Wednesday 12 July 2017

Let's Brew Wednesday - 1913 Boddington CC

Boddington had some confusing names for their beers. B, BB and CC. No idea what they stand for. The first two are Mild Ales, the last one a Strong Ale.

Is it connected with the legendary C Ale, a type of Strong ale specific to Manchester? I’ve no clue, if I’m being honest. It would be nice to think that there is, but why would you go from two C’s to one? The implication would be that it was weaker. Because that’s how beer naming usually went. And that’s not normally the impression you’d want to give with a Strong Ale.

Boddington’s CC was brewed until WW II, but discontinued, never to return, in 1941. They did brew a Strong Ale after WW II, but that was simply called SA in the brew house. I think you can guess what the initials stood for.

The recipe is classic 20th century English: pale malt, flaked maize, sugar and colouring. It strikes me that breweries, especially smaller ones like Boddington, tried to use as few types of malt as possible. In the run up to WW I, Boddington only used two: pale and black. The latter being used in tiny quantities and only in Stout.

As you may have noticed, this beer is quite heavily hopped. To be honest, other than the Cluster, the varieties are a guess. All that’s listed is the name of the grower, not even the region where they were grown. Feel free to substitute them.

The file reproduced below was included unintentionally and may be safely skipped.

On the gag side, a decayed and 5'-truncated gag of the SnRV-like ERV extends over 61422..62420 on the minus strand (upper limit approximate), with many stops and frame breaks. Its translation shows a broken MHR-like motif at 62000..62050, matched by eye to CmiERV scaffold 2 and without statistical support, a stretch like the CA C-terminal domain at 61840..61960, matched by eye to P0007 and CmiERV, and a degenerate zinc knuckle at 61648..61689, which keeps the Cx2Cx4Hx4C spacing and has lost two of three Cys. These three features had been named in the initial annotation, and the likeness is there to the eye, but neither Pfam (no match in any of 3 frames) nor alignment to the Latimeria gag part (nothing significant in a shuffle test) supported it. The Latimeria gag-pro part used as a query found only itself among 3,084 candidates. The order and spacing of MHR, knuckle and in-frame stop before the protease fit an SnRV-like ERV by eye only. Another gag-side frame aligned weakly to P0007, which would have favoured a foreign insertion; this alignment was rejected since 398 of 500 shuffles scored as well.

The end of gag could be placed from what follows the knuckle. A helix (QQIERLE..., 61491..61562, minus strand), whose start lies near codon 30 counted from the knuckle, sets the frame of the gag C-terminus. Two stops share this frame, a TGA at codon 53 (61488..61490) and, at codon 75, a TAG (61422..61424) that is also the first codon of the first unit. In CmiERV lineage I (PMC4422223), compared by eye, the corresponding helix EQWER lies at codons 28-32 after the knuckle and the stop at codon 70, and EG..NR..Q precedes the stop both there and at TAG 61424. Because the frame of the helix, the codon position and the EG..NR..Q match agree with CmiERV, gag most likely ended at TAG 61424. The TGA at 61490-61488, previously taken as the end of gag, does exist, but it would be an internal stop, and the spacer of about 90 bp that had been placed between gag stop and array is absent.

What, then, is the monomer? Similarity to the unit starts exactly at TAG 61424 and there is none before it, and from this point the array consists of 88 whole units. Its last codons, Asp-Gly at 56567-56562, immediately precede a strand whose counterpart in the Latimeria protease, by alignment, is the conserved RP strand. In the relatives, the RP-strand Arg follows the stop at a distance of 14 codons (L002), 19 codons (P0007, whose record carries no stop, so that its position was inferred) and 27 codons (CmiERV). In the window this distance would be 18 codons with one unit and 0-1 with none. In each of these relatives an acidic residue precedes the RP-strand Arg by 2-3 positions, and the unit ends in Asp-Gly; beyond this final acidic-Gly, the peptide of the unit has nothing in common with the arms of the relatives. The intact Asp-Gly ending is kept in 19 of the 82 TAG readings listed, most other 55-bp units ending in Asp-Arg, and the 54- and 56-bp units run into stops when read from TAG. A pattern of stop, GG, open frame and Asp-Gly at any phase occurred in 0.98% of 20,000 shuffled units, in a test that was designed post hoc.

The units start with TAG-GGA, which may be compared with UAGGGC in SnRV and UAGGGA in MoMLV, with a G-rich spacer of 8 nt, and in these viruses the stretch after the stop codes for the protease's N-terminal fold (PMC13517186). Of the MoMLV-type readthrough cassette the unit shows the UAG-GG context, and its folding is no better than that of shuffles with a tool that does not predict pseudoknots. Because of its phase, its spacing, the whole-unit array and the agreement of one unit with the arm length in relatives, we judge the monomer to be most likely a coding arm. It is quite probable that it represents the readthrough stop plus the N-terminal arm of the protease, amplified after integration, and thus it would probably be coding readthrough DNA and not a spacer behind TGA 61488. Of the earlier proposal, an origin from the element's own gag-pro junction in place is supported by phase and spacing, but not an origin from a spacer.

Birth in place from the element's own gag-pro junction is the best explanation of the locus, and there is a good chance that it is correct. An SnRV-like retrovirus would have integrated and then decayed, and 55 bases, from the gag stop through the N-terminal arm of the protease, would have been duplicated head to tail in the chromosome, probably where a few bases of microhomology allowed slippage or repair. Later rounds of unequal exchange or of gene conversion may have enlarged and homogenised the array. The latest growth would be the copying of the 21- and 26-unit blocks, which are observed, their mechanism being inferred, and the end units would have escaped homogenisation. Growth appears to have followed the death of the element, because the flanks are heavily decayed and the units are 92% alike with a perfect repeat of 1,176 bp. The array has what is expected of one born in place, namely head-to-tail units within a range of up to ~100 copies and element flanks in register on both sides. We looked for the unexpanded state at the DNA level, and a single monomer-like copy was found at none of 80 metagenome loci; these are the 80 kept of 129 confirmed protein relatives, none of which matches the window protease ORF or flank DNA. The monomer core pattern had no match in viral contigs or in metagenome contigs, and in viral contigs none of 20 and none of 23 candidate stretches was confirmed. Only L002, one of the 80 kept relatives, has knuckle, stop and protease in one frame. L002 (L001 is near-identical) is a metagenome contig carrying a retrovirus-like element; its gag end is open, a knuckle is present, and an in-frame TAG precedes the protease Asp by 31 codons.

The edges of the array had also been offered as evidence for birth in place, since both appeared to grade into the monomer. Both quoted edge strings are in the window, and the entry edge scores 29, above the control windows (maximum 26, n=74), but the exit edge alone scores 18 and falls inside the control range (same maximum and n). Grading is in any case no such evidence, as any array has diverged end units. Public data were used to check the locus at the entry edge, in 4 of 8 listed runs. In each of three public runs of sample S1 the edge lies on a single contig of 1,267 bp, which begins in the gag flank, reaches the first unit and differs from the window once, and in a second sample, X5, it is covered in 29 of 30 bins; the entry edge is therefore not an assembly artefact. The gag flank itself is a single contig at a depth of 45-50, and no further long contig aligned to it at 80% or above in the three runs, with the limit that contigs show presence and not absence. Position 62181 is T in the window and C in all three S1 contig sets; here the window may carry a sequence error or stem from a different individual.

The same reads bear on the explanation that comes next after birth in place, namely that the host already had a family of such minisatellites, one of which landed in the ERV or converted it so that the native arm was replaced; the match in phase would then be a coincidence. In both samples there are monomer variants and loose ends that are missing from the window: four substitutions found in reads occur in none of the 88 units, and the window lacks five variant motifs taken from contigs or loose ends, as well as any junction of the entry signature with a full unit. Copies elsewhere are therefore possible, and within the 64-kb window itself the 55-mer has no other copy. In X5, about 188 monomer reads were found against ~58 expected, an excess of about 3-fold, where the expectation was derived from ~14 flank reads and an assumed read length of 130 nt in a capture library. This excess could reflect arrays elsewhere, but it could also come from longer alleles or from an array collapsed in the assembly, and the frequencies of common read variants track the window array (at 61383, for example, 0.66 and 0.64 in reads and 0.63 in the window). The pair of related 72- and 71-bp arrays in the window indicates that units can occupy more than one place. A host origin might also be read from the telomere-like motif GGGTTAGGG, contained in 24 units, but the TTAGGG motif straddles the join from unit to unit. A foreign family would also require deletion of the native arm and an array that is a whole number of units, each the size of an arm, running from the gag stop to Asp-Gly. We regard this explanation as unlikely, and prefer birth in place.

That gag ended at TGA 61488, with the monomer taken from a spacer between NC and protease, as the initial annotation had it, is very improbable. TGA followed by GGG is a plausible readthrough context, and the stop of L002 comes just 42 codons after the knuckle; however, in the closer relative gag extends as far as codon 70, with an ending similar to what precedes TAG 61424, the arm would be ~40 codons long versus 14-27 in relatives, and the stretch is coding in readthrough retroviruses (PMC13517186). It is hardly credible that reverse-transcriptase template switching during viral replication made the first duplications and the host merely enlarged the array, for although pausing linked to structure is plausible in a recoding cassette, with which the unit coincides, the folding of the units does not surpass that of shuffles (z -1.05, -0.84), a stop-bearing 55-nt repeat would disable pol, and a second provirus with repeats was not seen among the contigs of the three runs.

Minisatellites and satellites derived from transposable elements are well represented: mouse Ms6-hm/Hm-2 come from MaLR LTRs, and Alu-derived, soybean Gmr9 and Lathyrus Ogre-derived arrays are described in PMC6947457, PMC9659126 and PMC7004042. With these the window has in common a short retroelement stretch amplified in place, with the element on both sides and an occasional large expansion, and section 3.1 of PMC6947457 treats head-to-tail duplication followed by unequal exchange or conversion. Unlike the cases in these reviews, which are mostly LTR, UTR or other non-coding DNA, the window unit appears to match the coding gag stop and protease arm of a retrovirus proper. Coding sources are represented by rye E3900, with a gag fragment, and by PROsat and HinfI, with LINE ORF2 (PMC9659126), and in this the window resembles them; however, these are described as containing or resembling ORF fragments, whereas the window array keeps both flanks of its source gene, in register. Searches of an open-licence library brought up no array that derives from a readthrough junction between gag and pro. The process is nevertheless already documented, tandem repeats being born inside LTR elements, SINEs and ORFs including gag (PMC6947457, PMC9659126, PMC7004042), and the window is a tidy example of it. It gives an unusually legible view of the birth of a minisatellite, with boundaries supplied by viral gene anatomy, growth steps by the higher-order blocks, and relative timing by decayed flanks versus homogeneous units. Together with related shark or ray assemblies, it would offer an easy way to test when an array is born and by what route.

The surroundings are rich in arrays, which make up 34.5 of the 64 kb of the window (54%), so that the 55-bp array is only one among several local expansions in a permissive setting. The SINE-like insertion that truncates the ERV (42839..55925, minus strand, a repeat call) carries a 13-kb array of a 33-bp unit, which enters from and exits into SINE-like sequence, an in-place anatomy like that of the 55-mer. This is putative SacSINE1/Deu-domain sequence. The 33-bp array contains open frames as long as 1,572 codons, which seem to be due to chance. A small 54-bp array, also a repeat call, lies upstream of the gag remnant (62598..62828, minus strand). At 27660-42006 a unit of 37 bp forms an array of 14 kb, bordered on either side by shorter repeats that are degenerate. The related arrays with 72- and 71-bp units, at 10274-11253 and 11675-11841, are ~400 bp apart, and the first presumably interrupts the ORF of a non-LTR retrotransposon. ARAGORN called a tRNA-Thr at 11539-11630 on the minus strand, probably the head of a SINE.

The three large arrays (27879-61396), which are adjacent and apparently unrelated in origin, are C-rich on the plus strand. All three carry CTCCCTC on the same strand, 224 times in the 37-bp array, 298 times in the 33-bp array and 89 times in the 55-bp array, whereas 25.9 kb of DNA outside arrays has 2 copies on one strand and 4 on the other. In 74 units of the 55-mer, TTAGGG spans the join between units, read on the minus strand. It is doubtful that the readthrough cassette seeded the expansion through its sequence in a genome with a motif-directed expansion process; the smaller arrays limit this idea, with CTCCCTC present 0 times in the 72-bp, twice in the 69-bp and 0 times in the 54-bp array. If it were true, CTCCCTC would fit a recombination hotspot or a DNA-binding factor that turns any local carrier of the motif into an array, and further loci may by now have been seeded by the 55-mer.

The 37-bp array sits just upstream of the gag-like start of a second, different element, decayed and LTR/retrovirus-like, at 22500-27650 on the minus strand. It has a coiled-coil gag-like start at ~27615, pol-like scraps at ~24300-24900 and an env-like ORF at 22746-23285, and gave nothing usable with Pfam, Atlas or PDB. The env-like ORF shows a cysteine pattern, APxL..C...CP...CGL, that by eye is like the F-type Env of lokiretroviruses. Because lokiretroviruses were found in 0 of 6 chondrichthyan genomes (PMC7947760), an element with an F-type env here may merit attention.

While I’m mentioning guesses, the sugar is, too. The logs reveal nothing about the sugar type at all. It could be anything, but invert sugar is the most likely. As I’m pretty sure this beer was dark, No. 3 invert is the obvious choice.

1913 Boddington CC
pale malt 11.50 lb 86.34%
flaked maize 0.75 lb 5.63%
caramel 0.07 lb 0.53%
No. 3 invert sugar 1.00 lb 7.51%
Cluster 145 mins 0.75 oz
Fuggles 90 mins 1.00 oz
Fuggles 60 mins 0.50 oz
Fuggles 30 mins 0.50 oz
Goldings dry hops 0.50 oz
OG 1062
FG 1020
ABV 5.56
Apparent attenuation 67.74%
IBU 75
SRM 20
Mash at 158º F
Sparge at 168º F
Boil time 165 minutes
pitching temp 61.5º F
Yeast Wyeast 1318 London ale III (Boddingtons)

1 comment:

Unknown said...

Hi Ron , C class ale was produced by a few different Manchester & Salford breweries ( Groves and Whitnall) with the beer being a deep copper colour and not overly bitter, more of a strong mild bitter beer; Sadly, the Groves and Whitnall records have not survived, pre WW2 : destroyed with the bombing of the brewery in the early 1940's, not sure what happened to the post 1942 stuff !!!